Syphilis poses a health risk both to the mother and the baby in the rare event that the mother is infected. If tested positive, the mother may be recommenced anti-biotics to treat it.
Which Other Blood Tests Should Be Done?
You may have to take some additional tests during the first trimester of your pregnancy. They are as follows:
Screening for Thyroid:
During the first trimester of pregnancy, your doctor would want to determine your thyroid level. If you have hypothyroid or hyperthyroid, you will be kept under close monitoring throughout the pregnancy to ensure that your thyroid hormones stay under control as it is essential for the proper development of the baby.
Rubella (German measles):
Catching Rubella during pregnancy can hurt baby’s heart, sight and hearing. While most women develop immunity against German Measles as kids, either through vaccination or by contracting it during childhood, there may be ones who have never got it and are at risk of getting Rubella during pregnancy. They must be very careful and stay away from anyone who has measles. There are no medicines or injections at this stage to prevent Rubella.
Combined Screening Test:
This is a combination of blood test and a nuchal translucency scan that is done towards the end of the first trimester to determine if the baby has any genetic abnormalities like Downs syndrome. This is done alongside your normal scan for more specific results.
A blood test is done to check if a virus called CMV infects you. A mother infected with this virus can pass it on to the foetus, and it may have severe implications for the developing baby like hearing loss or mental retardation.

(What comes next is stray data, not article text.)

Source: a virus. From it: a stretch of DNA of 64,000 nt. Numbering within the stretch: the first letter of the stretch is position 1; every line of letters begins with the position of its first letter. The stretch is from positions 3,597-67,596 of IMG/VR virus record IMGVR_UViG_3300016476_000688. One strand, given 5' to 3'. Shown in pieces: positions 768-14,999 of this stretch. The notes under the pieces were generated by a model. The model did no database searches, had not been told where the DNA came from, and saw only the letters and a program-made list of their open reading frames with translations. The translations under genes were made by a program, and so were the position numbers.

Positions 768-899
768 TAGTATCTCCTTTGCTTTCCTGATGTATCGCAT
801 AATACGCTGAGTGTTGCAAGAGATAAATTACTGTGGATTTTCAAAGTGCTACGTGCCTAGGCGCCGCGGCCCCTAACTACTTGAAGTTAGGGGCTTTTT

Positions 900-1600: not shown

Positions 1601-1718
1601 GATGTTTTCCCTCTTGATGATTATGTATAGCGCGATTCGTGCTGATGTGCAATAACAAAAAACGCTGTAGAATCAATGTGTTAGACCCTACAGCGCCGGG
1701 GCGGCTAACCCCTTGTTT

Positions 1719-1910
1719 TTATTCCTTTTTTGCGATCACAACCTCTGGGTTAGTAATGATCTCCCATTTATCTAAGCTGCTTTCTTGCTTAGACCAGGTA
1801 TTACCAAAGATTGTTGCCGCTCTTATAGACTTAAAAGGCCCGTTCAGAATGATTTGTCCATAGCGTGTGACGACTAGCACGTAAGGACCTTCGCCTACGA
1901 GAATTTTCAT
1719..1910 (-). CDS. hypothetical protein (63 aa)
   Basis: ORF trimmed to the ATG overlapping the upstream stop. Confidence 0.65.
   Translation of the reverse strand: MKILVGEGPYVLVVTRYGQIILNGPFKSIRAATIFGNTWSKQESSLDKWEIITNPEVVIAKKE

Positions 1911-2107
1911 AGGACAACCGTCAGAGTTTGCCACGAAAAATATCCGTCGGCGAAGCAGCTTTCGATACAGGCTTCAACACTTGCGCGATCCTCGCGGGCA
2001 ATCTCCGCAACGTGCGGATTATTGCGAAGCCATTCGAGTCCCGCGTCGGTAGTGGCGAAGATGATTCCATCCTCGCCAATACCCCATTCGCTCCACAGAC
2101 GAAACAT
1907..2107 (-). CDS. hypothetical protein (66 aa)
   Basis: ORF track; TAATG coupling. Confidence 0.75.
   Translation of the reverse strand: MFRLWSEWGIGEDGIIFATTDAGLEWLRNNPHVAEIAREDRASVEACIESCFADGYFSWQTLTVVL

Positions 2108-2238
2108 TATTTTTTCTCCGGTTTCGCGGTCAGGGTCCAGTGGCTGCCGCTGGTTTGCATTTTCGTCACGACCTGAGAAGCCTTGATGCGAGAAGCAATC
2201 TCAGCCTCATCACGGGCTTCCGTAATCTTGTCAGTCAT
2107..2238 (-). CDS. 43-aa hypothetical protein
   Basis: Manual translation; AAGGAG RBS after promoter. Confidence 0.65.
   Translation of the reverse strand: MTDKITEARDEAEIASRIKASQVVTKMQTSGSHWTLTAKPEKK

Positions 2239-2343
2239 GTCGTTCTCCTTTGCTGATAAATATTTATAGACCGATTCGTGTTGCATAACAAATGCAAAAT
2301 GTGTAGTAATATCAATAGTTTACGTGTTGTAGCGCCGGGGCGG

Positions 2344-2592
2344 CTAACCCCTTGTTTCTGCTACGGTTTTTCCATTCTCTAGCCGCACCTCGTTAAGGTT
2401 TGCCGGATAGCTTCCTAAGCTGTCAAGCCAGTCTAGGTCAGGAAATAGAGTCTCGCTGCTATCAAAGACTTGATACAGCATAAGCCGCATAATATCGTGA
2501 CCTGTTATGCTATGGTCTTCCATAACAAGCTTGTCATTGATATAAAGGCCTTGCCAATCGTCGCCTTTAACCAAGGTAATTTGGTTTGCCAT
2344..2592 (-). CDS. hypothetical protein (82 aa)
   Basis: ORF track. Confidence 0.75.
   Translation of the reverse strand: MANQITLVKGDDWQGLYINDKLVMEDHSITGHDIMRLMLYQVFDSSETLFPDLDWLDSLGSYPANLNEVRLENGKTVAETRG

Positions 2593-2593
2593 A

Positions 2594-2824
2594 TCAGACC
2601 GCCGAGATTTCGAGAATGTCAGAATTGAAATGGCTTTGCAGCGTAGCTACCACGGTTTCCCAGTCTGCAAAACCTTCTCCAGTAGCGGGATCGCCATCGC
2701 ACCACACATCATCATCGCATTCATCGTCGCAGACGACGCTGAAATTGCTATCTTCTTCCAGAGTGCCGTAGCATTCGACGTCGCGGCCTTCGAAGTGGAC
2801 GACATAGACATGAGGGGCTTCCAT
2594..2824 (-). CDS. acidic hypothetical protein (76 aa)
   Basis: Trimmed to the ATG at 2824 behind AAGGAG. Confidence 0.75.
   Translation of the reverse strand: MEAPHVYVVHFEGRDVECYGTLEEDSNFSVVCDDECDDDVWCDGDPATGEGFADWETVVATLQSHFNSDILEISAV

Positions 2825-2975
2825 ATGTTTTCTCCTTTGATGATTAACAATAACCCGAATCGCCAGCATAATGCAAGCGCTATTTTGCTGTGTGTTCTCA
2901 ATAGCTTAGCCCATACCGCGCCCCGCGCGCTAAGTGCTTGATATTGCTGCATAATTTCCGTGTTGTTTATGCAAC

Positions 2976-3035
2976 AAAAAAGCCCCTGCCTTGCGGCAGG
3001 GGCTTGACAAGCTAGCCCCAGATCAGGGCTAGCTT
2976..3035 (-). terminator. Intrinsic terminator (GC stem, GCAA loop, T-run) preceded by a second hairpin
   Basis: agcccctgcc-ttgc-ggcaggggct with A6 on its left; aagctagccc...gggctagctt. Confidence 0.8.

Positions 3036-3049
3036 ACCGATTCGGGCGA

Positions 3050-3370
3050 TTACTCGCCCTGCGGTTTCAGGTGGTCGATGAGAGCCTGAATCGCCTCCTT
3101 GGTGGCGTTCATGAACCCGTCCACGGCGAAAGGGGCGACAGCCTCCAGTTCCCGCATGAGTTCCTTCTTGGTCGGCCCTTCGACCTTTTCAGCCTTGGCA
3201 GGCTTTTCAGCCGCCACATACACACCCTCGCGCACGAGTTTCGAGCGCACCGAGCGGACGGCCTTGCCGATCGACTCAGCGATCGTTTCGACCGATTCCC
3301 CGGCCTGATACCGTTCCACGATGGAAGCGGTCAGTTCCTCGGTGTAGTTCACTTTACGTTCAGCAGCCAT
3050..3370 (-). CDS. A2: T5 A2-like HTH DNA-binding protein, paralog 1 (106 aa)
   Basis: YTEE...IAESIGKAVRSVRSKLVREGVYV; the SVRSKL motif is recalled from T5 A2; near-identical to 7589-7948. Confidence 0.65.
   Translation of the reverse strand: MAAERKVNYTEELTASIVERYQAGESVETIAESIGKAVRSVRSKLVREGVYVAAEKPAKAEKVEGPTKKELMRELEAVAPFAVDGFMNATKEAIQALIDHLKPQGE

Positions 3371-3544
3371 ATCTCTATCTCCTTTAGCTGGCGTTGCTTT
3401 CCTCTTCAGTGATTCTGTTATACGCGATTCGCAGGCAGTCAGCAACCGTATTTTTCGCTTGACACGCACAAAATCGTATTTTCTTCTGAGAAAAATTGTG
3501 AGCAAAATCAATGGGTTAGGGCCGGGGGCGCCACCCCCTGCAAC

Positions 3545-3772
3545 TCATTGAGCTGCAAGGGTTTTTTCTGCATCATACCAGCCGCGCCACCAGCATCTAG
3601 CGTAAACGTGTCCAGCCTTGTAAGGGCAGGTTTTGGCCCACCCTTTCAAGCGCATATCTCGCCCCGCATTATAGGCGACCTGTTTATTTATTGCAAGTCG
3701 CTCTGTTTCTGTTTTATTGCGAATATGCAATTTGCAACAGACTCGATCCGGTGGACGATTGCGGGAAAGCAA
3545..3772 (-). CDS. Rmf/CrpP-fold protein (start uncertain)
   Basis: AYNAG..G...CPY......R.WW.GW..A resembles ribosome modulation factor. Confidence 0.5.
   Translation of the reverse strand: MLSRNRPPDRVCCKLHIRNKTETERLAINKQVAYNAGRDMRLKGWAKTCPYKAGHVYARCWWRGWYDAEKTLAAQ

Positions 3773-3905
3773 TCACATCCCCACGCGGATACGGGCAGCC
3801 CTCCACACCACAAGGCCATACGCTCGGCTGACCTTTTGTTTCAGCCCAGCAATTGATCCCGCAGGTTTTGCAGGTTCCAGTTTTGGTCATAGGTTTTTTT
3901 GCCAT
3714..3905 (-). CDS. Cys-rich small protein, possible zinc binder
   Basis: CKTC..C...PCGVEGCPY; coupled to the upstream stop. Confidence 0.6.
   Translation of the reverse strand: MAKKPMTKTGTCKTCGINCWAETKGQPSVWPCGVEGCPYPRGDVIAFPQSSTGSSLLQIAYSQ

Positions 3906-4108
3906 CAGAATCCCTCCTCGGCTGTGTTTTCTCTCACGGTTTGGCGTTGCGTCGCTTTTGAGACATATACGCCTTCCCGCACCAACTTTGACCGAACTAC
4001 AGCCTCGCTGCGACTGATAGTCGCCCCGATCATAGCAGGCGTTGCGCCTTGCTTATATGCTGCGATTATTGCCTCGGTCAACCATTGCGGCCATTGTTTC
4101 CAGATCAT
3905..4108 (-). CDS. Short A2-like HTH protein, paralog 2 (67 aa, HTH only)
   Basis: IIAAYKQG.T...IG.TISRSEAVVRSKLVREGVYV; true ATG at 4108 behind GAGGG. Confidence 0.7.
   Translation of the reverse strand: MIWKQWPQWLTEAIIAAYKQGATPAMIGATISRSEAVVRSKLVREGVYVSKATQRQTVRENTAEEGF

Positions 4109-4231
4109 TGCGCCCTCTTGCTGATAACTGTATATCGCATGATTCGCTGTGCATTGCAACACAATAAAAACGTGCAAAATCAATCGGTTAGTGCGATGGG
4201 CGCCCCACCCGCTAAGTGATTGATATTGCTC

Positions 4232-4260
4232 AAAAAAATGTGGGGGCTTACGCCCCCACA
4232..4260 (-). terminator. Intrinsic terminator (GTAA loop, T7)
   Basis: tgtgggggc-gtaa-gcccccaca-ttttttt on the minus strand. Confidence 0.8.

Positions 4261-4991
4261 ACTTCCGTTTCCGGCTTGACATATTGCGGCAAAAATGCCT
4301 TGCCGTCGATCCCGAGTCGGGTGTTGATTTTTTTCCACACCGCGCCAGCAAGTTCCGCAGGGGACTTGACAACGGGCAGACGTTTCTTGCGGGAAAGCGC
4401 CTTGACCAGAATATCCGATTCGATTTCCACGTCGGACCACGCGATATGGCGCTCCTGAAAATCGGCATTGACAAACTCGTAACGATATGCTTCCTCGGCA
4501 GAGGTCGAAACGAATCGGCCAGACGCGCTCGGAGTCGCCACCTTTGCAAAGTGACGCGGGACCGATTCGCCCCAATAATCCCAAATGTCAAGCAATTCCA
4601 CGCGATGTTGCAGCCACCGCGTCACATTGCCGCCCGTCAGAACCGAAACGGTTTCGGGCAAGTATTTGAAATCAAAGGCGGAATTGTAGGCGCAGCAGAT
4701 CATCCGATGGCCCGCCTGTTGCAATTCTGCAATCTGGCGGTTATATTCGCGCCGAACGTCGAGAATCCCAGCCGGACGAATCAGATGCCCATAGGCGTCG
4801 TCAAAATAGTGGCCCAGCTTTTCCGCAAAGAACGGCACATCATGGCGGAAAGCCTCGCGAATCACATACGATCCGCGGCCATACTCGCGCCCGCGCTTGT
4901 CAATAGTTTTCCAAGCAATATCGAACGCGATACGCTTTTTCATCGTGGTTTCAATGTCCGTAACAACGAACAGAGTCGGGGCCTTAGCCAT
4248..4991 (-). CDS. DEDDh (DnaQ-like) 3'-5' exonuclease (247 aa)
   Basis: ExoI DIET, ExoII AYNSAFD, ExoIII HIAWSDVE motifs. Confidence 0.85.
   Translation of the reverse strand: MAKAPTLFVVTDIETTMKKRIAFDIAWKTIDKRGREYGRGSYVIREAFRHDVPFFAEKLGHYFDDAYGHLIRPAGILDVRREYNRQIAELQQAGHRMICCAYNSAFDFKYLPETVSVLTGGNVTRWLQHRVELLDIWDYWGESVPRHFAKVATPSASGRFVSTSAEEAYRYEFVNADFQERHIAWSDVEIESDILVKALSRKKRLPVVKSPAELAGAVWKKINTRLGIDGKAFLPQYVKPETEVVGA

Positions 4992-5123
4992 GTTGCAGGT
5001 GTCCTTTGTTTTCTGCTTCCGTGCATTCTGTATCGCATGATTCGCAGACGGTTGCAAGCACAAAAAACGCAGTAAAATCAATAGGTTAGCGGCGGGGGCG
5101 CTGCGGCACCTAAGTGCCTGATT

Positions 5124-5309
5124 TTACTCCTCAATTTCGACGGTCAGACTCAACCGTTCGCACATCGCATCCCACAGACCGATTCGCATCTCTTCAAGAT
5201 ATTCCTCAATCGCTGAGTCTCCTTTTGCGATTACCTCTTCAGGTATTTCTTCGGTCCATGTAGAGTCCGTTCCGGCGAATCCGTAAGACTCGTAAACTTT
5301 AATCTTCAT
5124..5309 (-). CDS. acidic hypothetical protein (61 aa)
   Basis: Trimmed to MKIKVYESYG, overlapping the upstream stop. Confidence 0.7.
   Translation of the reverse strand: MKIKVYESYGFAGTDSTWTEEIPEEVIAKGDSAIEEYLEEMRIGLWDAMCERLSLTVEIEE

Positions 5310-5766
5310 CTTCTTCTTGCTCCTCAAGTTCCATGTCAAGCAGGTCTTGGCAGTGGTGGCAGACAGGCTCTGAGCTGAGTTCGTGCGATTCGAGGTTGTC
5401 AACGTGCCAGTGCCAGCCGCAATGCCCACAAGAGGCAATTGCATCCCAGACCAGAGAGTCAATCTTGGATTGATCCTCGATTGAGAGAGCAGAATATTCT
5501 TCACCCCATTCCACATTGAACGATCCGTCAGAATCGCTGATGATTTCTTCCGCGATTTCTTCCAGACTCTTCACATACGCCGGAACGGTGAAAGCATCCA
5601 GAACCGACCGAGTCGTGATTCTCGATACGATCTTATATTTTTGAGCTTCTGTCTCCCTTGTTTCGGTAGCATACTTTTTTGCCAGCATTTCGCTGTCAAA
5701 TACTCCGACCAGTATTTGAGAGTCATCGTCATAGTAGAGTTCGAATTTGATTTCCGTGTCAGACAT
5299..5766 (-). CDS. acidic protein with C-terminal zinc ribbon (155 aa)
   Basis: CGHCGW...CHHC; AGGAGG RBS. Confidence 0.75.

Hepatitis C blood test is optional and usually suggested if you believe that you may be infected by Hepatitis C. This test is only done if the doctors observe any symptoms of Hepatitis C from you.
Herpes Simplex Virus (HSV):
Herpes is a common and very painful infection that takes place in the mouth or the genital area. If not treated, it can cause brain damage in babies. Hence a blood test is done to check the presence of this infection in expecting mothers in case they show any symptoms of herpes.
Sickle Cell Disease and Thalassemia:
Test for sickle cell disease or thalassemia is among the early pregnancy genetic blood test. Sickle cell disorder and thalassemia are two types of blood cell disorder can make you anaemic and can be passed on to your little one.
A toxoplasmosis infection may be passed on to the unborn baby f the mother contracts the infection in the first trimester, or in the first few week before conceiving, and it is this important to test for it. The infection may result in organ damage, miscarriage, or even stillbirth
Screening for vitamin D levels: